FIGURE 3.20 Current options for sequestering CO2 in subsurface geological formations. SOURCE: Reprinted with permission from CO2CRC.
cal characterization and model development, typically by teams of sedimentary geologists, geophysicists, and modelers.
The technology for pumping CO2 underground is well developed, based on over four decades of experience in the CO2-EOR industry. Well drilling and completion technology, pumps, and surface equipment are all available. Rigs and rig crews used for oil and gas exploration and production are appropriate for drilling injection and monitoring wells for geological storage projects. The requirements for cementing injection wells for geological sequestration differ from a typical oil and gas well and special provisions must be made to meet the regulatory requirements to fully cement the well throughout its entire length.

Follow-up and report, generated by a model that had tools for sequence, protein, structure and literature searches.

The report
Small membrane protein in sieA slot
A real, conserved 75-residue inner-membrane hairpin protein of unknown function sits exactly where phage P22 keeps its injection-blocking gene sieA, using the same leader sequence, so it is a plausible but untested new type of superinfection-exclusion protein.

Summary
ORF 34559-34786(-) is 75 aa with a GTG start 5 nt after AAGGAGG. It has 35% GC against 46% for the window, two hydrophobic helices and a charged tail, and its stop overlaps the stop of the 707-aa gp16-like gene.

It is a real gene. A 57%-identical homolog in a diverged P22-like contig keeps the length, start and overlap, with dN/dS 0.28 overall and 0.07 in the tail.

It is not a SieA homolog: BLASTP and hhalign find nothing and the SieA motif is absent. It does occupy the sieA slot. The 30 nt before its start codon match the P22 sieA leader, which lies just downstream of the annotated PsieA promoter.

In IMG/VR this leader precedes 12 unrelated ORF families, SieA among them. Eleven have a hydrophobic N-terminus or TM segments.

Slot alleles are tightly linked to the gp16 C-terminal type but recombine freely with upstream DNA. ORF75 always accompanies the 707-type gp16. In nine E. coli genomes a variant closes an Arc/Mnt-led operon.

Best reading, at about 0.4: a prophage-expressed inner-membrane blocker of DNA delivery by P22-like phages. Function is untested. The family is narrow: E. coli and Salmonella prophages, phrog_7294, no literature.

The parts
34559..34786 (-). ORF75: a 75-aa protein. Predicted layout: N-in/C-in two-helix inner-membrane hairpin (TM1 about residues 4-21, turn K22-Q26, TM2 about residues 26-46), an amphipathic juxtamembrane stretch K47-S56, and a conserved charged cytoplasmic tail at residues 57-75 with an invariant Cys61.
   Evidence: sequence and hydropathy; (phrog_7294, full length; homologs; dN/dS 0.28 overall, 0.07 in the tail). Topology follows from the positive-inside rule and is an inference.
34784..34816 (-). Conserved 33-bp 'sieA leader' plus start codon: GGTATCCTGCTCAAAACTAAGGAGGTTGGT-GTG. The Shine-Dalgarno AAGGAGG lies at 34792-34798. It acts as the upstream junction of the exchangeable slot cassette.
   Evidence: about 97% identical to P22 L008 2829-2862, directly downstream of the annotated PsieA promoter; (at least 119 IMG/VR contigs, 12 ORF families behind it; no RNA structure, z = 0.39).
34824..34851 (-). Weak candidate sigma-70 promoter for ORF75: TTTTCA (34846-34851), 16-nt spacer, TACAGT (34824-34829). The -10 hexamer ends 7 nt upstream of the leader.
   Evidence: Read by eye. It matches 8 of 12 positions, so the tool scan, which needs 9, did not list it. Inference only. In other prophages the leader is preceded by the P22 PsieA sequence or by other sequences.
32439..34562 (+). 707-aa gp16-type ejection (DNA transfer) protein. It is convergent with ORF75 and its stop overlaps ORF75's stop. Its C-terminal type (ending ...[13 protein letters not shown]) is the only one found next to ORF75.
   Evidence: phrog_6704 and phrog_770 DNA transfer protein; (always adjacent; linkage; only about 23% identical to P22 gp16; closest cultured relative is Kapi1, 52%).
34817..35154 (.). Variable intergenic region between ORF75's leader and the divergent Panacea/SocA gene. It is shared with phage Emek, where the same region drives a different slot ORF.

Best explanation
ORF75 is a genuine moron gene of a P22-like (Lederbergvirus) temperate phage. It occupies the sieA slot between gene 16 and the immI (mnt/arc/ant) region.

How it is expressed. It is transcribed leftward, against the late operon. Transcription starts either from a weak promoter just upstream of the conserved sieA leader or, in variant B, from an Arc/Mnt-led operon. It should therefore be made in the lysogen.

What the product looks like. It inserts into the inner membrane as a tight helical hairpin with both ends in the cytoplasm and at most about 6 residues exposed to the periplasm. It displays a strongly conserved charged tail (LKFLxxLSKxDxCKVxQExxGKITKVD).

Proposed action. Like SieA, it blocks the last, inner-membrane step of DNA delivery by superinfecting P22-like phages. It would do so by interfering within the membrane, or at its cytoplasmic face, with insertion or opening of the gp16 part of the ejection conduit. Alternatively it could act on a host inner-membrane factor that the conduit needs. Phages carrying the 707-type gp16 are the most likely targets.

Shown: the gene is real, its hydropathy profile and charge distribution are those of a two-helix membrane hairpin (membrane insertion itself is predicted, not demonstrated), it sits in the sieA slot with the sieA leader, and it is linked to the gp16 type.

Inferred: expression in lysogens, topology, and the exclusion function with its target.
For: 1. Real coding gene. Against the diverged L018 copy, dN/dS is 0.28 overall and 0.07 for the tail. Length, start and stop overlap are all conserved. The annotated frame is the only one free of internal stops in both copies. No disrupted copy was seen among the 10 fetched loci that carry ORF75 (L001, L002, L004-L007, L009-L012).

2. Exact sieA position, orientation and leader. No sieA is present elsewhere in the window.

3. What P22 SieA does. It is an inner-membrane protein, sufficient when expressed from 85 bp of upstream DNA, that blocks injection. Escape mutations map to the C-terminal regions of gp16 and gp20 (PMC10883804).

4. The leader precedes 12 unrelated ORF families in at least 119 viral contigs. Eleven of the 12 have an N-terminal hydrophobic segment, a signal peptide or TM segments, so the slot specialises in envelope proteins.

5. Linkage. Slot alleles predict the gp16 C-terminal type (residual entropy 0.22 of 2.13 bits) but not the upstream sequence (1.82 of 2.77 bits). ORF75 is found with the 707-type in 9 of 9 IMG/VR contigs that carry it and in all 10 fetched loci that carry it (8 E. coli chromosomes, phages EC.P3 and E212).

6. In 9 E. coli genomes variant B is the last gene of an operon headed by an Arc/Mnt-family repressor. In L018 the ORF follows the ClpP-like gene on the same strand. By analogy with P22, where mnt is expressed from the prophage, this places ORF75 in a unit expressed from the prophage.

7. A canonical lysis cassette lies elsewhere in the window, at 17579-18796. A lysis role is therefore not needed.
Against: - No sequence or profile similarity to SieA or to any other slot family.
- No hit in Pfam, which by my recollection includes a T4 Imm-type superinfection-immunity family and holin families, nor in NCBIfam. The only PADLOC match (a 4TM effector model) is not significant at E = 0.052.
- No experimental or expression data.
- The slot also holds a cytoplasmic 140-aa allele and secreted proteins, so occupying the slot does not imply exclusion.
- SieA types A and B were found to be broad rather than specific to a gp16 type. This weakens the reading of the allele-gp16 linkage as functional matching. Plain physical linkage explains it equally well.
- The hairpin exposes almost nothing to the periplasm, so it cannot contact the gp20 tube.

CO2-EOR, the largest utilization option, involves injecting supercritical CO2 into an oil field. When mixed with oil, CO2 lowers the viscosity and reduces the density of the oil, leading to improved recovery. For certain types of oil, at elevated pressures and temperatures, oil and water can become miscible, meaning they become a single fluid. Under these conditions, oil recovery can be improved dramatically. The bank of mobile oil is swept to the extraction well, sometimes involving the injection of water to further increase recovery through the so-called WAG (water-alternating-gas) process (Figure 3.21). Successful CO2-EOR operations require sophisticated reservoir engineering calculations, advanced geological modeling, and well completion technologies.
However, unlike oil and gas production, where monitoring tends to focus on injection and extraction rates and wellhead pressures, CO2 sequestration requires tracking the location of the CO2 plume, ensuring that it is not leaking back to the surface, and quantifying the amount of CO2 sequestered. Monitoring techniques include seismic imaging, wellhead and formation pressure testing, well logging,